Western countries beef up security as US, UK, Germany and France cite intercepted communications of Al Qaeda in the area. Hakim Almasmari reports from Sanaa
Intelligence on Al Qaeda is wake-up call, says US
SANAA // Four western embassies in the Yemeni capital were closed yesterday amid heightened fears of an attack by Al Qaeda, as a US legislator warned that his country had intercepted communications among terrorists similar to what was seen before the September 11 attacks.
Britain, France, the United States and Germany shuttered their embassies in Sanaa for at least two days following the US warning of a possible attack by Al Qaeda in the Arabian Peninsula (AQAP), the group's Yemeni and Saudi Arabian branch.
Calling the intercepted discussions "very reminiscent of what we saw pre-9/11", senator Saxby Chambliss, the top Republican on the Senate intelligence committee, described the threat on the NBC TV network as "the most serious threat" he had seen in recent years.
"This is a wake-up call," Pete King, who chairs a US House panel on counterterrorism and intelligence, was quoted as saying by the ABC network yesterday. He said the threat had been "specific as to how enormous it was going to be and also that certain dates were given".
"Al Qaeda is in many ways stronger than it was before September 11 because it has mutated and it's spread in dramatically different locations. And Al Qaeda in the Arabian Peninsula is the most deadly of all the Al Qaeda affiliates," he said.
Security was heightened in the Yemeni capital yesterday, though life in Sanaa continued as normal for most residents.
Special forces with armoured personnel carriers were stationed near western embassies and deployed on main roads. Searches of vehicles at checkpoints were more rigorous.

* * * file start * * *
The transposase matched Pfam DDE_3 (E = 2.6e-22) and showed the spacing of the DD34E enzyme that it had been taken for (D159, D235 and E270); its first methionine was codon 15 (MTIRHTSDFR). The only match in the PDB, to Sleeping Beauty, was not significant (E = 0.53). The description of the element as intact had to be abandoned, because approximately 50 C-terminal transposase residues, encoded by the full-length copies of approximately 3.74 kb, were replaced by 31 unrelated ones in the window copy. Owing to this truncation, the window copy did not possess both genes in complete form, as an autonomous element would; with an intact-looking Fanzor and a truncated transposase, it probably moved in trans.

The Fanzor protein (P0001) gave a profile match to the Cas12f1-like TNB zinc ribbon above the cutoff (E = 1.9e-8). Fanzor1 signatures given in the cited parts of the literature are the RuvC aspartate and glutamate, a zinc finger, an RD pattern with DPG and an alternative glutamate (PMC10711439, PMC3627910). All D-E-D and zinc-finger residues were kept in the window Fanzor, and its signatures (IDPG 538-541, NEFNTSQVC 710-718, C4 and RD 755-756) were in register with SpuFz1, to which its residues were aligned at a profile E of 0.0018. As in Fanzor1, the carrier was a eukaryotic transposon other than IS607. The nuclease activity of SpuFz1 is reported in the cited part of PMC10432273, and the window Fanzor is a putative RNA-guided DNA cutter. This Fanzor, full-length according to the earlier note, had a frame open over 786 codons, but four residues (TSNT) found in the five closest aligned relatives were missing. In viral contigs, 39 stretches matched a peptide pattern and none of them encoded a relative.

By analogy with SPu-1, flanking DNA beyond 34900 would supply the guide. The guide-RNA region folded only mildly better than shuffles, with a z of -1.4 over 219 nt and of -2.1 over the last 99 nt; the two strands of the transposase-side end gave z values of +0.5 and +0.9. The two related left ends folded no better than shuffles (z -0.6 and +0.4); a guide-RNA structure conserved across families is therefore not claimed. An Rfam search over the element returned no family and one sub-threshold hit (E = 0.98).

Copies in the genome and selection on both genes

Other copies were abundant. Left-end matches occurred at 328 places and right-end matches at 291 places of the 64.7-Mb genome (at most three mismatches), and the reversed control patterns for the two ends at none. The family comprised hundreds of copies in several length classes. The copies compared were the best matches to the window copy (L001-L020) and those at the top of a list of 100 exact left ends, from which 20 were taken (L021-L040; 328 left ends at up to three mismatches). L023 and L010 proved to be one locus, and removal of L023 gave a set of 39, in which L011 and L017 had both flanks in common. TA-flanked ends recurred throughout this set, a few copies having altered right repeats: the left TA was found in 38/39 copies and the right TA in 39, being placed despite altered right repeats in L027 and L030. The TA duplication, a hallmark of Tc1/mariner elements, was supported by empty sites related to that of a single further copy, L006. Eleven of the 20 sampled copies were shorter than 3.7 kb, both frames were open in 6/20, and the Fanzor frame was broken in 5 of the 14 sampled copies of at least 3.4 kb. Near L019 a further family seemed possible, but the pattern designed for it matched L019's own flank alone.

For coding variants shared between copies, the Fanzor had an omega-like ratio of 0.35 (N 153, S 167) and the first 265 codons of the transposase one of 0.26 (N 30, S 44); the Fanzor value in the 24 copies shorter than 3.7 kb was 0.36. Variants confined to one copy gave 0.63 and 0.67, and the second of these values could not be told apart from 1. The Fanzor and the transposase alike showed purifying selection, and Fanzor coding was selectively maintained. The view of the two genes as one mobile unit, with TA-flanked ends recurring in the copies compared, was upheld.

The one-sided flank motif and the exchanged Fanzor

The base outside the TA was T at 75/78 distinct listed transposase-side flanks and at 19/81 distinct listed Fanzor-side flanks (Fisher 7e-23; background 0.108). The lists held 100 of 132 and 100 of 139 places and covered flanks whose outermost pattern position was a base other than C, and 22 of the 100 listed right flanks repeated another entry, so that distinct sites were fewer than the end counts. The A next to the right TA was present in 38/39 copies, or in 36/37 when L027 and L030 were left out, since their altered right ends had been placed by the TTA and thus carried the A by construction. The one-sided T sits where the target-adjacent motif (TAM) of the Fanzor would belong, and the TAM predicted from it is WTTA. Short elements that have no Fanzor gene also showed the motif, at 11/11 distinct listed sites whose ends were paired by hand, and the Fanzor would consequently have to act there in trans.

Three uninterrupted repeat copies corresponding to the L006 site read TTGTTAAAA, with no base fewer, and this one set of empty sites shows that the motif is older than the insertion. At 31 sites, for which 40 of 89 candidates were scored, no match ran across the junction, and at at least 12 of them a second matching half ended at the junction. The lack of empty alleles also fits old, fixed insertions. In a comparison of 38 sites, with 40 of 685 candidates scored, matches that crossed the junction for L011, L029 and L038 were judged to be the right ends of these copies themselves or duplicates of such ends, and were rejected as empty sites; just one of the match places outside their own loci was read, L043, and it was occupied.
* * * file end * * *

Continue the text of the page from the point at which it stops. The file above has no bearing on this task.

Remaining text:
But residents said the security threat was exaggerated.
"From what we were hearing, we all thought Yemen would be under attack today. It's a quiet day and people are preparing themselves for Eid," said Mohammed Hashem Allanah, an accountant who was out shopping with his family during rush hour.
A Yemeni security officer posted near the US embassy said stepped-up security measures had been in place for a year.
"Attacks against the British and American embassies are always possible, so we are cautious on a daily basis," said Abdullah Abdul Nasser, a guard at one of the checkpoints near the US embassy. "But today we are extra cautious because of the extra threat."
Yemeni security forces were also given orders by the interior ministry to stay on high alert as the Eid holiday approaches.
US policymakers have declined to elaborate on the specifics of the intelligence they had obtained regarding a possible attack. But 21 US foreign missions across the Middle East, North Africa, and South Asia were closed yesterday as a precaution. On Friday, the US state department issued a global travel warning to its citizens of the possibility of an attack between now and the end of August.
A congressman, Adam Schiff, who sits on the house intelligence committee, told CNN yesterday that the "breadth" of the closures suggested US authorities were concerned about a repeat of last year's riots and attacks at multiple embassies, including the assault at the mission in Benghazi, Libya, where the US ambassador and three other Americans were killed.
A recent series of prison breaks in the region was also worrisome, he said.
"There has to be a lot of concern as well with the recent prison breaks in Libya, Iraq and elsewhere, where a lot of Al Qaeda figures were released," Mr Schiff said. "So you have a lot things coming together, including the significance of the end of Ramadan, that would raise our concern."
The last major Al Qaeda operation in Yemen was in May last year, when Ansar Al Sharia, a Yemeni group affiliated with AQAP, claimed responsibility for an attack that killed more than 100 soldiers.
The United States has targeted alleged terrorists in Yemen with drone strikes in recent years, including a strike last month that killed Al Qaeda's second-in-command Saeed Al Shihri.
The increased security came as Yemen was holding a national dialogue aimed at resolving long-standing political tensions - part of a Gulf Cooperation Council-orchestrated transition that began in response to Arab Spring-inspired protests in 2011.
A senior official in the office of Yemen's prime minister, Mohammed Basindawa, said the national dialogue would aim to ensure that militant groups did not halt the country's progress in the long run.
"Militants have been trying to weaken the government and regain control of areas they lost, but the country is different today and that is no longer possible," the official said.
"Earlier in the year the president called on Al Qaeda to lay down arms and use dialogue instead of force to convey their message, and this door is still open," he said.
* With additional reporting from Reuters and the Associated Press